For James LeVan, a 16-year-old Cleveland student at Glenville High School, police brutality became top of mind early this year.
He witnessed an uncomfortable interaction between a young Cleveland man and a police officer. LeVan said he did not know the victim and didn’t feel comfortable getting involved, but the incident stuck with him. “It seemed like [the police officer] was harassing him for no reason,” LeVan said. “It didn’t make sense.”
A scholar in the Fatima Center’s Summer Institute, Le Van channeled his confusion into a poem, “The Mind of a White Cop,” in which he speculates about the thinking of a hypothetical white police officer on his daily beat.
Poetry writing was part of the Summer Institute, said Director Apryl Buchanan, with an emphasis on the works on Langston Hughes. The Anisfield-Wolf Book Awards arranged for guest faculty to speak and teach on Hughes, and on the writing life throughout the six week program.
“Students needed to consider current events, not only in their lives, but things that would affect their generation,” Buchanan said.
LeVan recited his poem, from memory, at the summer institute’s closing ceremony. He said he was nervous. “It was hard getting up there in front of everyone,” he said. “I hoped everyone would like it.”
The Mind of a White Cop
Standing on the corner
Just like I expected
Sitting on the porch with too many people
This means something bad is about to happen
Look, little kids with water guns
Baby jailbirds in training
He’ll be in the back of this car soon
Right along with his dad
Look, those black kids have a white friend
I wonder what he had to do to be accepted
Look, a baby that won’t stop crying
Just give him some crack to calm him down
Oh no!! Six black kids doing the same handshake
I should probably call for backup
No, I could just shoot them and say it was “self-defense”
I’ll be in jail a night or two but I’ll be off eventually
It’s a nice feeling to know I can get away anything
Black man, medium volume, pull him over
White man, volume all the way up, “Can you make it louder?”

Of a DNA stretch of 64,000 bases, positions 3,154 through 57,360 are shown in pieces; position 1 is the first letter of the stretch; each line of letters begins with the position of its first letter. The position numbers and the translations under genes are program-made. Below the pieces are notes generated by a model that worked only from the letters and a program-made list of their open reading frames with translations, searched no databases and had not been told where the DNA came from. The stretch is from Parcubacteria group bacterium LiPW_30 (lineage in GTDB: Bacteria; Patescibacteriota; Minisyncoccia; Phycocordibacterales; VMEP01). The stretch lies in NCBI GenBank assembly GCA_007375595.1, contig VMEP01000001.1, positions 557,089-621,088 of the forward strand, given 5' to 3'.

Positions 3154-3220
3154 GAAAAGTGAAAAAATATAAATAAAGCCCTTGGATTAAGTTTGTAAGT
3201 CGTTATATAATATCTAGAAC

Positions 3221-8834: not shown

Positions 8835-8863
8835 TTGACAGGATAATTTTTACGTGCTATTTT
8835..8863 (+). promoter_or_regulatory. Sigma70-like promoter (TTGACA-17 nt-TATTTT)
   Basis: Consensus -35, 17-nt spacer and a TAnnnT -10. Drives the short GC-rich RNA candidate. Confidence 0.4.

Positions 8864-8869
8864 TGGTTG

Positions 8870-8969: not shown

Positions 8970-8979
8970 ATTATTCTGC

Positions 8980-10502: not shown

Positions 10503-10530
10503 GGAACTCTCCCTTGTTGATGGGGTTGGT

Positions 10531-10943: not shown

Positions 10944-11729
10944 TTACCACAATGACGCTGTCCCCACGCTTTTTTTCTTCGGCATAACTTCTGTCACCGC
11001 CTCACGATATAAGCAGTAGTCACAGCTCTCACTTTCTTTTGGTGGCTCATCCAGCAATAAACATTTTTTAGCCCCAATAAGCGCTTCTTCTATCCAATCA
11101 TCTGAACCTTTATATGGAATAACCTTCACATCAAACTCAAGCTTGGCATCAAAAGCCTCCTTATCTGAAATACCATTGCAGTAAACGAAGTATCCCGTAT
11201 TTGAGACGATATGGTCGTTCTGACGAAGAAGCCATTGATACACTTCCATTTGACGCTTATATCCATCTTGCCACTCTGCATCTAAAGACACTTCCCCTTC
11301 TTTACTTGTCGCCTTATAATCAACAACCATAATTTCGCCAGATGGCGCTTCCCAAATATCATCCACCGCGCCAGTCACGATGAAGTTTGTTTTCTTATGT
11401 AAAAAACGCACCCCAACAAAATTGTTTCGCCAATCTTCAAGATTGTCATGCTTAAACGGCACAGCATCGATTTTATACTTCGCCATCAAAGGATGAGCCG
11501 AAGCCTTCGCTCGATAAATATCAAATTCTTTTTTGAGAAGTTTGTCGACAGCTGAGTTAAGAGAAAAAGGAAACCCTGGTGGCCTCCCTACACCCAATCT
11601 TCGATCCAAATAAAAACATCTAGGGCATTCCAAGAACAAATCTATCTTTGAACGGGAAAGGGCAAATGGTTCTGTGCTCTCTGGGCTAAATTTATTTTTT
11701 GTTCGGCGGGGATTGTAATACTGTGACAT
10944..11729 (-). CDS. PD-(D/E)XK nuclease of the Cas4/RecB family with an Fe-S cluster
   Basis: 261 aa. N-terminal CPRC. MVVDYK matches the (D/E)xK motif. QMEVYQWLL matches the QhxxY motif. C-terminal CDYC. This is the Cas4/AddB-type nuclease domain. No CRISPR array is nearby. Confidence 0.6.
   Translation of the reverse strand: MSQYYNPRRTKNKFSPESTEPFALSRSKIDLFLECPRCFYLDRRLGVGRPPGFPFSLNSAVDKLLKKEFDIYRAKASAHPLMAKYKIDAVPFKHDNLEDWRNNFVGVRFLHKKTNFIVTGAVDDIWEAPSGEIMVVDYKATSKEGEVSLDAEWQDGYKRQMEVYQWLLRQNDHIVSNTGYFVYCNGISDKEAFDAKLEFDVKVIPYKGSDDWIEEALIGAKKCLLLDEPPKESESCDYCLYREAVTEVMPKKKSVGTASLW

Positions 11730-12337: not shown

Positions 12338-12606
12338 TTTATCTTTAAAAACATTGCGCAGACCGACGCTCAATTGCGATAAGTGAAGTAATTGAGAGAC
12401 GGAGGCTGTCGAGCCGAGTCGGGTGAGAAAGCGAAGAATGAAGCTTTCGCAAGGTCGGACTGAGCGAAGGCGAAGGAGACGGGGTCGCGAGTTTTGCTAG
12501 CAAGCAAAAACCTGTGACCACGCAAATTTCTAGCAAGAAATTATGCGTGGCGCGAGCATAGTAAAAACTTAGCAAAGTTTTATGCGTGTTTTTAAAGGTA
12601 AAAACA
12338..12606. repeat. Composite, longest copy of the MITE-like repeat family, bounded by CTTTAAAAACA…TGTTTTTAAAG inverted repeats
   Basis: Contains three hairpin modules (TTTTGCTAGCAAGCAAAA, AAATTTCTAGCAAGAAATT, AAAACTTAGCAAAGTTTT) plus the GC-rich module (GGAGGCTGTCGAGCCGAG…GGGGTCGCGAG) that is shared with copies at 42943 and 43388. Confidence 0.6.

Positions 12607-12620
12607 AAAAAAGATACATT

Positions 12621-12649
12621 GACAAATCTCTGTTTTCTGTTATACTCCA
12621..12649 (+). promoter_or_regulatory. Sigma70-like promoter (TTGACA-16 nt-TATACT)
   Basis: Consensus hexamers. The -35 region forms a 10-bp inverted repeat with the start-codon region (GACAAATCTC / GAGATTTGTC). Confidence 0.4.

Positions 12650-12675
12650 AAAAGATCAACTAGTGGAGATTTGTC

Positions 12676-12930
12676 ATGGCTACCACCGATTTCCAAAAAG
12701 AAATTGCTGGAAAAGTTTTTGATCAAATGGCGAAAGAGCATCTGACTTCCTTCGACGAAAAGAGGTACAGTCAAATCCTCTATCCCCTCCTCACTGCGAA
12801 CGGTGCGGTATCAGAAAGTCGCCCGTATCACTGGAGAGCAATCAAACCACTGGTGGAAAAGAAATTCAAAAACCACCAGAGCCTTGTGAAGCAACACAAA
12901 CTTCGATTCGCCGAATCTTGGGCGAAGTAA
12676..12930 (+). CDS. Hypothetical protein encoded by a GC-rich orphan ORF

Black man walking in front of an abandoned house
Let me investigate
Black boy kissing a white girl with those fat lips
Throw him in jail, “Attempted suffocation of an Innocent girl”
Dreadhead, slam him in the back. Look like he smoke weed all day
I’ll give him a drug test because I feel like it
I knew it!! I’ll give him 10 seconds to run
I won’t lock up his light-skinned friend
I’m trying to turn one black man against another
We’ve been doing good enough so far
Since 2009, an emerging young poet from Northeast Ohio is celebrated along with the winning authors at the Anisfield-Wolf Book Awards ceremony in Cleveland.
At the 2011 ceremony, Essence Cain, a sixth-grader at Miller South School for Visual and Performing Arts in Akron, Ohio, recited “In the Flower Market,” a poem she and her classmates wrote for “Speak Peace,” an international youth arts program created by Kent State University’s Wick Poetry Center. American children in the program wrote poems in response to paintings created by Vietnamese children. The exhibit of paintings and poems is traveling nationally through 2013.
Essence has appeared in plays and musicals at venues throughout Ohio. She was a contributing writer and reader for the animated e-greetings of the 2009 Traveling Stanzas series, Peace Stanzas. She has performed poetry with the Wick Poetry Center Outreach program at the 2011 Virginia Hamilton Conference at Kent State University and the Association of Writers and Writing Programs national conference in Washington D.C. in 2011.
In the Flower Market
Tiger lilies roar in the cold April rain.
Tulips seek friends with their spray of pollen.
Sunflowers flash in the night,
Illuminating the world like a candle.
Bluebells drip with dew—
They love just being themselves.
Marigolds sing, mango trees ding.
Orchids fly like birds in the wind.
Flowers from all over the world
Spread their colors like peacocks.
Peace is what puts them all together.
Here is a video of Essence reading “In the Flower Market” as part of the “Speak Peace” program.